Whole Number

A whole number is an integer that is 0 or greater. The first five whole numbers are 0, 1, 2, 3, and 4. They continue upwards to infinity.

Whole numbers are almost identical to natural numbers except they include 0. This is important in computer science since numeric ranges often begin with zero. For example, the first record in an array is 0, rather than one. 24-bit RGB color provides a range of 0 to 255 for red, green, and blue values. These values are represented by whole numbers rather than natural numbers because they include 0.

As the name implies, a whole number is not a fraction. It also cannot be negative. Since integers range from negative infinity to positive infinity, whole numbers are a subset of integers.

Updated June 19, 2018 by Per C.

quizTest Your Knowledge

A video blog is also called what?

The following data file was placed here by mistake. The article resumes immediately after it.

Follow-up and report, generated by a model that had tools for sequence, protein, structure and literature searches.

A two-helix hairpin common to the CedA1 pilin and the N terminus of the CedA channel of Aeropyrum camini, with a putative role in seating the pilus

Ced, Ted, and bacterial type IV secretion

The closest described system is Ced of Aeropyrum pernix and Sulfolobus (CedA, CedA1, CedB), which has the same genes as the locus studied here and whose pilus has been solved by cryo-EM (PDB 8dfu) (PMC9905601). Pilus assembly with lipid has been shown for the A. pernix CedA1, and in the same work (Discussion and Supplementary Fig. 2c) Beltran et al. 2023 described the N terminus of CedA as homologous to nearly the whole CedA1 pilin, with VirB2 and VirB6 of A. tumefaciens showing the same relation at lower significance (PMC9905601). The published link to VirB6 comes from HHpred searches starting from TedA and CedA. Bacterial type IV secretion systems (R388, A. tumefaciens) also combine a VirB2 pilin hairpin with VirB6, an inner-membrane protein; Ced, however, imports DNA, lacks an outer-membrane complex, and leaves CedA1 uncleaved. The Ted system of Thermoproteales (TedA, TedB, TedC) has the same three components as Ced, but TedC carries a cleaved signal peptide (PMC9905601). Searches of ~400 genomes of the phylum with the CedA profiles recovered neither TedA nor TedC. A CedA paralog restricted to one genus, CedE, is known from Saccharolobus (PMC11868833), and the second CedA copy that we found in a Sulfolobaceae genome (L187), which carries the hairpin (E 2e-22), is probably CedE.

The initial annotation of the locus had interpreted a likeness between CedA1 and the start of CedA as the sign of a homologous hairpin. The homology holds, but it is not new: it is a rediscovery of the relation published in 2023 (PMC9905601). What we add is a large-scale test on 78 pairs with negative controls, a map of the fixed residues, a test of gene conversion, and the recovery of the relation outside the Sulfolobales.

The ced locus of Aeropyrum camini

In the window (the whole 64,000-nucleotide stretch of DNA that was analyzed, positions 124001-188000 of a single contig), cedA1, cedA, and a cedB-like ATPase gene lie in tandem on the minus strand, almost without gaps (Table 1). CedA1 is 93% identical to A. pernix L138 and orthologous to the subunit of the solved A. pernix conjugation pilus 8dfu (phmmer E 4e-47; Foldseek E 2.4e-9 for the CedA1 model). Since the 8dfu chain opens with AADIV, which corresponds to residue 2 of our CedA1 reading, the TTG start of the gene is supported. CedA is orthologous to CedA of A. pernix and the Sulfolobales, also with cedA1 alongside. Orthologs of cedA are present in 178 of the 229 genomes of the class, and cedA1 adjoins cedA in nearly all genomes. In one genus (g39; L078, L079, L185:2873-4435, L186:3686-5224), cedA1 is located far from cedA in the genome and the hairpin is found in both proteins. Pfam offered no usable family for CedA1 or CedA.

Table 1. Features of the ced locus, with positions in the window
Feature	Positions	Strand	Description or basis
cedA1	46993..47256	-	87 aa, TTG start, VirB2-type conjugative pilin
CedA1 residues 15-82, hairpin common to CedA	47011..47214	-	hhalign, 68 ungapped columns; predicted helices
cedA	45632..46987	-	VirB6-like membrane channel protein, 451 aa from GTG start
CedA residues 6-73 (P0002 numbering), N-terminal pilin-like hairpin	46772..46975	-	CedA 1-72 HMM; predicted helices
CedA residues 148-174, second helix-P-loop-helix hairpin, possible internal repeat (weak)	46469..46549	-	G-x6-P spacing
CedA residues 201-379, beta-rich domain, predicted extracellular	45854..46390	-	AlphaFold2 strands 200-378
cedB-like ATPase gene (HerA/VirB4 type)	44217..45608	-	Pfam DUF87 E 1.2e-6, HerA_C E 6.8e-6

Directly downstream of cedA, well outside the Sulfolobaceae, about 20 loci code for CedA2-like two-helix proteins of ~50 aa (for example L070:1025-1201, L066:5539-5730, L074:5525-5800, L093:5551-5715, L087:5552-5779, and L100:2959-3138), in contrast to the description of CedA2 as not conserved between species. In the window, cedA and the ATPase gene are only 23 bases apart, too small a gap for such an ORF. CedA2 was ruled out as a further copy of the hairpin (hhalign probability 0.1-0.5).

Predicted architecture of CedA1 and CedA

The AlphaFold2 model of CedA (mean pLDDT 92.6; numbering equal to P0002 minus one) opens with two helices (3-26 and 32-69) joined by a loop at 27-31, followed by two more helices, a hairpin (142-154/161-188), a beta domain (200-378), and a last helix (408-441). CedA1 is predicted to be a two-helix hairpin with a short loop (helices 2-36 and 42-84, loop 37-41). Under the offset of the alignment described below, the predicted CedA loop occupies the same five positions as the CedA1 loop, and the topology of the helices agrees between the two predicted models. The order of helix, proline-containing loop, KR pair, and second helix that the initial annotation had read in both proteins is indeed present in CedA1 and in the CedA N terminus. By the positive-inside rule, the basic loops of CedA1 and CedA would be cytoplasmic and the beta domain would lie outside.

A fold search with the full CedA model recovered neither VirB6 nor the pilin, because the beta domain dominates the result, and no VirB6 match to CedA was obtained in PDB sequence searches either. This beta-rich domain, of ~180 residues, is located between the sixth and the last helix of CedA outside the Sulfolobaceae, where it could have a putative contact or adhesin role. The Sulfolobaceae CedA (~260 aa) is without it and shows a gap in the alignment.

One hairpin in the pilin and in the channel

Correct! Incorrect!     View the Vlog definition.
More Quizzes →

The Tech Terms Computer Dictionary

The definition of Whole Number on this page is an original definition written by the TechTerms.com team. If you would like to reference this page or cite this definition, please use the green citation links above.

The goal of TechTerms.com is to explain computer terminology in a way that is easy to understand. We strive for simplicity and accuracy with every definition we publish. If you have feedback about this definition or would like to suggest a new technical term, please contact us.

Sign up for the free TechTerms Newsletter

How often would you like to receive an email?

You can unsubscribe or change your frequency setting at any time using the links available in each email.

Questions? Please contact us.